He discusses the old idea of “ether” as a substance, “…a form of energy moving at an inconceivably high rate of vibration, and that the ether is filled with a form of universal power which adapts itself to the nature of the thoughts we hold in our minds and INFLUENCES us, in natural ways, to transmute our thoughts into their physical equivalent.”
It all starts with an intense desire, but without emotion they lack sufficient fuel for the flame. The power of emotion, to see and feel and believe the riches are already present right now, is the key. But you might ask, how can you feel money is present when it isn’t?
This is where faith comes in, which he calls the head chemist of the mind “When FAITH is blended with the vibration of thought, the subconscious mind instantly picks up the vibration, and transmits it to Infinite Intelligence, as in the case of prayer.” Faith can be developed through affirmations, which he calls auto-suggestions, which instruct the subconscious mind into belief. The subconscious mind acts on that belief, which transmits definite plans for procuring your desires. In other words, any impulse of thought which is repeatedly passed on to the subconscious mind translates that impulse into its physical equivalent, by the most practical procedure available.
“FAITH is the basis of all “miracles,” and all mysteries which cannot be analyzed by the rules of science!” Faith is demonstrated expectancy, actually expecting the results of riches. We are dealing with a mystical idea, but which has laws just as laws in the physical world. The thoughts, ideas, and plans of the human mind are constantly attracting vibrations that harmonize with what dominates the human mind. Clearly, it’s important to eliminate or neutralize negative and self-defeating thoughts, as those will manifest as surely as positive thoughts.
He gives six definite, practical steps to engage in. I won’t give them here because I urge you to read the book! Many summaries are present on various websites, but the only thing that can convey the power of the ideas is from Hill’s own words. It is not a long book and can be found on many websites for a free download, so it can be read in short stints until absorbed. I am familiar with the ideas of mental science, but as I re-read the book, I was again inspired to engage again with his formula and practice. I’ll keep you posted on the progress. I would love to hear from your experience with these ideas. You can find contact information on the “About” page. Let me know!
Imagination is one of our greatest creative powers. Creation starts with a vision. In the philosophy of the Law of Attraction, this concept is sometimes called a mental equivalent, a picture of some good that we want. Everything you see or feel on the material plane is the concrete expression of a mental equivalent that you hold. This belief is the core of mental science: Our thoughts out-picture as our reality.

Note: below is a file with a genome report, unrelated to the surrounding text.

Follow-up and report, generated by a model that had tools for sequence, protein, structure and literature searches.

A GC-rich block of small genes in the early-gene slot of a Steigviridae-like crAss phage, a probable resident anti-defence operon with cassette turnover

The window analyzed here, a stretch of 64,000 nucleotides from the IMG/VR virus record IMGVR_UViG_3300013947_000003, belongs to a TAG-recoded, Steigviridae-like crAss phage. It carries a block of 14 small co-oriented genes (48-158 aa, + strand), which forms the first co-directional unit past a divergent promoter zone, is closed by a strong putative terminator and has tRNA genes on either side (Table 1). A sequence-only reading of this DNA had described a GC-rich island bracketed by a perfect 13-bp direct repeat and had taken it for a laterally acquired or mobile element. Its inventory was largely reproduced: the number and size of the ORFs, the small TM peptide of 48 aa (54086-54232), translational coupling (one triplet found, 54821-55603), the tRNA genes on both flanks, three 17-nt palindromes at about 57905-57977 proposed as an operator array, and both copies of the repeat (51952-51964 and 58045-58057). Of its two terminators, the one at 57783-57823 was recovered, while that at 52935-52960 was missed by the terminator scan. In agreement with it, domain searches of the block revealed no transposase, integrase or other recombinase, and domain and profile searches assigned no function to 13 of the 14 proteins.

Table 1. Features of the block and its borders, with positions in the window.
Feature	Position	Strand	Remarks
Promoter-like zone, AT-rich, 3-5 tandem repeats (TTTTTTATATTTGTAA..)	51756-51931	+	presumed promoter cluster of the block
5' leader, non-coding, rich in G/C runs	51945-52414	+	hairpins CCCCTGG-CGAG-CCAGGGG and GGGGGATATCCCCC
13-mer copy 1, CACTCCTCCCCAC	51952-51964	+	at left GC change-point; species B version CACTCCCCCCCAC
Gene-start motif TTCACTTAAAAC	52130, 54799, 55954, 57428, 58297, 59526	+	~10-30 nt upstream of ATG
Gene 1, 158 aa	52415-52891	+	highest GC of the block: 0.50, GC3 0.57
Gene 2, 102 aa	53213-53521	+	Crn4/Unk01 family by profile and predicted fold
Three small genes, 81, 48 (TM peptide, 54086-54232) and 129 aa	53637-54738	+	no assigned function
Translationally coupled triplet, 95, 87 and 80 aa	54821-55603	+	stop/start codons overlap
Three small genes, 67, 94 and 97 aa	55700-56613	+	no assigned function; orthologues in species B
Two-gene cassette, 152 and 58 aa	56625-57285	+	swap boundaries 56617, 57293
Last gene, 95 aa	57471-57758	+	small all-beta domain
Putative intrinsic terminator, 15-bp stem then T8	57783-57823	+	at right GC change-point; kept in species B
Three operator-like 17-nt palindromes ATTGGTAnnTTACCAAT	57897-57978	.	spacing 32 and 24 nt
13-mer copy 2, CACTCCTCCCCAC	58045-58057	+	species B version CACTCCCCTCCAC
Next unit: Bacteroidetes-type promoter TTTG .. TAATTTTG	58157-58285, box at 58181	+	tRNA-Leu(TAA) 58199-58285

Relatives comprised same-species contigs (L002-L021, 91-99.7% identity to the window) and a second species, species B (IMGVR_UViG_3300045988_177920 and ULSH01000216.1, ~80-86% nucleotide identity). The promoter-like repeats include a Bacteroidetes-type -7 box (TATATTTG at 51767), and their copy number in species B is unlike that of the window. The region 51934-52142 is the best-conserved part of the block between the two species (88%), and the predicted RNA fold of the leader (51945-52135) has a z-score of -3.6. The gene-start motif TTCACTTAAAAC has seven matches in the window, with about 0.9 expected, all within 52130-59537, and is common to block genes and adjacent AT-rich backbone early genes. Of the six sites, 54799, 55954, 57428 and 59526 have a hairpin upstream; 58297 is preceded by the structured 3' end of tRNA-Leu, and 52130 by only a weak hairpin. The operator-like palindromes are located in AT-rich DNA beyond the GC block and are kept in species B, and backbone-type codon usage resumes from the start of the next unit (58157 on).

The Law of attraction concept is that what we tend to think about attracts things of like nature, or “where attention goes, energy flows.” Believing it as true on the mental plane is a step to its appearance on the physical plane. Along with the image, we add strong feelings to affirm that this is our experience NOW.
To imagine is the act or power of forming a mental image of something not present to the senses or never before perceived in reality. Sometimes imagination is seen as fanciful or empty assumption, as “it’s all in your imagination.”
However, according to Einstein – a pretty smart guy – “Imagination is more important than knowledge. For knowledge is limited to all we now know and understand, while imagination embraces the entire world, and all there ever will be to know and understand.”Creative thought is literally using creative power to direct/manifest something in our lives or move our perceptions beyond a present experience. Change your thinking, change your life.
Feeling is very important in creating. You might speak a rote and bland affirmation: “I am whole perfect and complete.” But we speak of troubles with great emotion: I HURT ALL OVER! I’M SO TIRED TODAY! Which has more power? You build a mental equivalent by being truly interested in what you want to create.
What about things we don’t want? Same principle: focusing on them, produces more of them. Instead, think more strongly about what you DO want. Turn away from the negative, replace them with positive images and thoughts and emotions.
Thomas Troward was a British judge who wrote several books on Mental Science. Troward talks of creating a prototype, or model. Within a seed is the prototype of the tree (miniature). Within DNA is the prototype or blueprint for the body and personality. To build a house, we create a blueprint – a representation to build the finished product. He said, “Having seen and felt the end, you have willed the means to the realization of the end.”
As Steven Covey says in 7 Habits of Highly Successful People: “Begin with the end in mind.” We begin by imagining the outcome we want, a vision of the achievement or manifestation. We might add more details, more feelings, and inspiration for action. This vision is the propellent, the driving force. A model rocket needs a propellent or fuel to push it into the air, or into reality. We need vision to drive us to fulfillment.
Eric Butterworth, in The Creative Life, says that everything is energy moving at a different frequency or rate of vibration. To create something, tune your mind to the frequency of faith, tapping into the creative power that flows from within you.